The veterinarian may ask that your dog not having anything to eat for 12 hours before performing this test. This includes any kinds of treats or even chew toys.
The reason for this is to give the liver time to retrieve any bile acids remaining in the blood stream.
A blood sample is taken before eating. This is called the resting sample. From there, a small meal of canned food is given to the dog. Two hours after the meal another blood sample is taken.
Bile acid levels are then tested on both blood samples for comparison.
Clinical Signs of Liver Shunts in Dogs
- Slow or lowered growth rate
- neurological signs including behavioral changes
- vomiting (may contain blood)
- bloody diarrhea
- difficulty urinating
- blood in the urine due to the formation of bladder stones
- weight loss
Keep in mind that the signs noted above could be related to a number of other conditions. If your puppy or older dog is experiencing any of these symptoms, it’s important to have him/her seen by a licensed veterinarian.
Treating Liver Shunts in Dogs
Dogs with liver shunts are usually treated with special diets and medications.
These help to reduce the amount of toxins being produced in the body. In severe cases, intravenous fluids may be required to stabilize blood sugar.
Sometimes an enema is given to help remove intestinal toxins. This prevents them from being reabsorbed into the body.
If your dog is having seizures due to the liver shunt, he/she may be given diazepam (brand name Valium) to stop them.
Diet change involves reducing the amount of protein the dog ingests. Food should be high-quality with highly digestible proteins. Dogs with multiple acquired shunts will need to be managed on a protein-restricted diet for life.
Best Food Choices for Dogs with Liver Shunts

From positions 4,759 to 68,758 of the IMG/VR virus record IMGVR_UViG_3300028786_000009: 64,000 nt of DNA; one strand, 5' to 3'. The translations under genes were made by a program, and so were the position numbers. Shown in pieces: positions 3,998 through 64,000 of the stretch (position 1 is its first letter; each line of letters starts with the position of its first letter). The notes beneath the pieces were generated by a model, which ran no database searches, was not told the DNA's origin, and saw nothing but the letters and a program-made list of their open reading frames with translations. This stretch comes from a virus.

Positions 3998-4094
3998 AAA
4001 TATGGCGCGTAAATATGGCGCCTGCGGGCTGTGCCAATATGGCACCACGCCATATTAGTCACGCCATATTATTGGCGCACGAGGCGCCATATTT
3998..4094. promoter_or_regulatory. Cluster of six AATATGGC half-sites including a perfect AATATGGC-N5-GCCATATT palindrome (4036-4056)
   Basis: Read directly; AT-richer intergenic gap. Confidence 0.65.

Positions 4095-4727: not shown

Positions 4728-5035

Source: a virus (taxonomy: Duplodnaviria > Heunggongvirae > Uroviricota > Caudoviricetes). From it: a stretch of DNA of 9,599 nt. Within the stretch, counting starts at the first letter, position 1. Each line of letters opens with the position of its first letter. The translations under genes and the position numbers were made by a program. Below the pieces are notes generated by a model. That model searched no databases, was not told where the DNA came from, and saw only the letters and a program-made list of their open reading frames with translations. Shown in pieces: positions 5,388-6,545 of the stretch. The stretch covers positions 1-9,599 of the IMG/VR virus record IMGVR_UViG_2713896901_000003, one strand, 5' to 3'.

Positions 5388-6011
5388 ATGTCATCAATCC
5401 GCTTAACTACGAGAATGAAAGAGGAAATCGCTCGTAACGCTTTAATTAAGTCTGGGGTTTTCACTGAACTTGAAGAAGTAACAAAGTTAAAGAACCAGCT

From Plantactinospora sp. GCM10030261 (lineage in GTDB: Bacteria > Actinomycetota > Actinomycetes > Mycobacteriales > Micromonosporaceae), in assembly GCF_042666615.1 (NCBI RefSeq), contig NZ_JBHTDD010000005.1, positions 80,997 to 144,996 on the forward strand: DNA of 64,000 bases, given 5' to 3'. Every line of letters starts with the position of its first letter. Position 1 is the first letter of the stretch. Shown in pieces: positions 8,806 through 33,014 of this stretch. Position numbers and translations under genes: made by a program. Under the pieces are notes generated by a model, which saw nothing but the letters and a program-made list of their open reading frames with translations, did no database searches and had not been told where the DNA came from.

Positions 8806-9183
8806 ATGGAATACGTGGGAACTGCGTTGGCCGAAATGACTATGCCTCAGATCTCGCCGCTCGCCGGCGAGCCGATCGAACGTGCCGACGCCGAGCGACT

Dogs with shunts may have trouble metabolizing protein. Once the body breaks the protein down, the dog has trouble getting rid of the waste products. This causes neurological signs called “hepatic encephalopathy”.
Signs of hepatic encephalopathy include:
- difficulty walking
- behavioral changes
- possible seizures
The amount of protein that works for your dog could be different than what another dog requires. If your dog happens to have signs of hepatic encephalopathy, he/she will require medication to help increase protein tolerance.
A good diet is usually one that is lower in protein, but still has enough to aid normal functioning. Before starting your dog on any kind of “prescription diet” or “therapeutic diet”, be sure to check with the veterinarian.
The reason for this is because some diets are lower in protein but still might not be suitable for your dog. For example, diets designed for dogs with kidney disease have lower protein levels. Unfortunately, they might be deficient in phosphorus. A dog with healthy kidneys needs that phosphorus.
Royal Canin – Hepatic Diet
Assuming you’ve already cleared it with the vet, consider shopping at Chewy.com for specialty diets. The link(s) below is an affiliate link. That means that if you click on the link and make a purchase, I may earn a small commission.